Jen Powley responds to Waye Mason’s op-ed in the Chronicle Herald earlier this month. “While Mason argues that the province needs to build more affordable units, he and his municipal colleagues keep selling off land on the peninsula that could have been a home for affordable housing.”
A group of ten community organizations and members are calling on the Halifax Regional Municipality to abandon its plan to remove temporary shelters from public property today, on July 13, 2021. Whatever its public justifications, what is happening is that the city is reacting to those who view the shelters as eye sores and their residents as bad for business and property values.
Judie Haiven looks at two pre-election goodies coming our way compliments of the provincial government, money for long term care and affordable housing.
PSA: Halifax Mutual Aid response to the city’s July 13 ultimatum. “We can not in good conscience put people in a worse situation than they are currently in.”
The city of Halifax is telling people living in crisis shelters to leave their temporary homes by June 13, or they will call the cops and make it so. Councillors should stop hiding behind an amorphous city and become accountable for the city’s actions.
Economist James Sawler on the report by the Nova Scotia Affordable Housing Commission. “Affordable housing is crucial infrastructure, and since its benefits accrue not just to individual households but across our entire society (bestowing what economists call positive externalities), like most infrastructure, it should be financed publicly.”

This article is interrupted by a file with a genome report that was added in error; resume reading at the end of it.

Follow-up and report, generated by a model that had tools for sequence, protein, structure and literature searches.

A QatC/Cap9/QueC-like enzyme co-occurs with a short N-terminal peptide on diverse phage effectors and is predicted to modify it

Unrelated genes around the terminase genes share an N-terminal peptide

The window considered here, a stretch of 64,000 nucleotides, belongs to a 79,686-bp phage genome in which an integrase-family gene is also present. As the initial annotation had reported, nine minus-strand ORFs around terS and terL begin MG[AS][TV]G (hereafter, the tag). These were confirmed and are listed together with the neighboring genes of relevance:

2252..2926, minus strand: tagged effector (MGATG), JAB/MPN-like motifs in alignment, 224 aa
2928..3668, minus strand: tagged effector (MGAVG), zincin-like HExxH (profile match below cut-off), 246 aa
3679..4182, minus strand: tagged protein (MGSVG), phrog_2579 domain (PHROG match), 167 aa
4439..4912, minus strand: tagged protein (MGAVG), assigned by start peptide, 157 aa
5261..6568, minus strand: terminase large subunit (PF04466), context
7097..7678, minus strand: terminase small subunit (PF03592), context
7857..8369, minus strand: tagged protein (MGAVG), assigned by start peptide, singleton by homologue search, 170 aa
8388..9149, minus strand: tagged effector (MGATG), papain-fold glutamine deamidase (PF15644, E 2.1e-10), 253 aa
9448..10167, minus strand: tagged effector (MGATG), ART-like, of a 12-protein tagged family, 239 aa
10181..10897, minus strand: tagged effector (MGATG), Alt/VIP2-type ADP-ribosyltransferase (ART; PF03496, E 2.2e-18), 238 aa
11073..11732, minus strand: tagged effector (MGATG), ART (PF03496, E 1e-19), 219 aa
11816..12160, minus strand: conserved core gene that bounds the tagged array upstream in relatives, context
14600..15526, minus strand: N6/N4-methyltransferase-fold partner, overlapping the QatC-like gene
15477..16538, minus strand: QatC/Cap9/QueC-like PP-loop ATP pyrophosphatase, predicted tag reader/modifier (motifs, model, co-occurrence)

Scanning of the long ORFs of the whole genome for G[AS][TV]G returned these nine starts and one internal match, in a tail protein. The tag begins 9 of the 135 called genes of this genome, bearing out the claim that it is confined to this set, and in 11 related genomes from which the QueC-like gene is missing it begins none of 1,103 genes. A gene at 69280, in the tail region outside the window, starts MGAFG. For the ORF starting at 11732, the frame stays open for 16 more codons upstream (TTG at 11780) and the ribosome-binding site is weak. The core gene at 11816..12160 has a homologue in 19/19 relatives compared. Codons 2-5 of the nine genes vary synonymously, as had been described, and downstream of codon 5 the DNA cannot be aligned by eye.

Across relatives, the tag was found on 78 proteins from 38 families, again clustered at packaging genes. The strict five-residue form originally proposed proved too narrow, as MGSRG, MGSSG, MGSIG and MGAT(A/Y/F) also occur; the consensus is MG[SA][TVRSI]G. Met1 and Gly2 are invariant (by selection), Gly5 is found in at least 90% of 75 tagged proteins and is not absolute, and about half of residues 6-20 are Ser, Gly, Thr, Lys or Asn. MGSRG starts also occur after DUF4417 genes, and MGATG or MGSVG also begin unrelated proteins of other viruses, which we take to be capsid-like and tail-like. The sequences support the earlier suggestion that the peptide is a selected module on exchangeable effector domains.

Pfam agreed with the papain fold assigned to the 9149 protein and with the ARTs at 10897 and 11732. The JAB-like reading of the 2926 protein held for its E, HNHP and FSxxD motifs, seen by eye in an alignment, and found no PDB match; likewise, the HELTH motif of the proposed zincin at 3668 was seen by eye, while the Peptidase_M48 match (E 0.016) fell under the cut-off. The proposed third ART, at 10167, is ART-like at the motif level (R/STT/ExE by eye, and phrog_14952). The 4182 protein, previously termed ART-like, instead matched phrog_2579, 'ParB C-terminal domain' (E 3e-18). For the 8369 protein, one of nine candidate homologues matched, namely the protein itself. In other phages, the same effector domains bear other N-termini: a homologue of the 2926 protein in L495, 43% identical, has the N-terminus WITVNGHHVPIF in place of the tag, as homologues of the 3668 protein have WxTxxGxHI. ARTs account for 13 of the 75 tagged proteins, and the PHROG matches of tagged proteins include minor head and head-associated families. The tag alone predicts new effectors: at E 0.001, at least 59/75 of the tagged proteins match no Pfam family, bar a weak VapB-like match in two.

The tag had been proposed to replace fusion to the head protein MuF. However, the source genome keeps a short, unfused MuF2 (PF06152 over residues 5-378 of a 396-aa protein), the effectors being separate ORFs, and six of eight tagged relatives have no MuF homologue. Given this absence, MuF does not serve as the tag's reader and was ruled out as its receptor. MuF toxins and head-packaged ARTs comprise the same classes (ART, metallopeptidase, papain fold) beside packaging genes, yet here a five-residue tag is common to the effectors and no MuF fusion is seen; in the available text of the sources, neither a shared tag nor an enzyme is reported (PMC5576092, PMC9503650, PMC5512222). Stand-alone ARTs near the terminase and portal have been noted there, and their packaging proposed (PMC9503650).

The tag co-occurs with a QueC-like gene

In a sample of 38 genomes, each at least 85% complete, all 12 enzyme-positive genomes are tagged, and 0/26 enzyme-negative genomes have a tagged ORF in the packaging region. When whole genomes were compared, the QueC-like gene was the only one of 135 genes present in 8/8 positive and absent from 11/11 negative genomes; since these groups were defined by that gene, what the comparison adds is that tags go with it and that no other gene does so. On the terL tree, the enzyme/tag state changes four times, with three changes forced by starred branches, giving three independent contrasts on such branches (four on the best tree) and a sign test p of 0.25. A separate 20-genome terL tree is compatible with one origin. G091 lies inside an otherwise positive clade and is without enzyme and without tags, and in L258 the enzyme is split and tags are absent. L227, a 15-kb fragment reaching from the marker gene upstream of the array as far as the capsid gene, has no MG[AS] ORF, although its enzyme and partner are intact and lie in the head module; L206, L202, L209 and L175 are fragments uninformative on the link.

On Sunday about 150 people weathered the afternoon heat to participate in the Rally to Save the Shelters at the vacant old library on Spring Garden Road. Stephen Wentzell was there to tell you all about it.
Inclusionary zoning allows a municipality to mandate a certain percentage of affordable housing in new developments. With an affordable housing crisis growing more urgent by the day, why don’t we use this tool in Nova Scotia? Stephen Wentzell investigates.
Persistent rumors that the city is about to expel unhoused people from the 13 shelters provided by Halifax Mutual Aid have now been confirmed by city staff. Councillors seem to think that’s not a problem.
MEdia release: Today the Nova Scotia Action Coalition for Community Wellbeing (NSACCW) is launching a new campaign calling on Nova Scotians to sign an open letter to the Premier and the Minister of Infrastructure and Housing.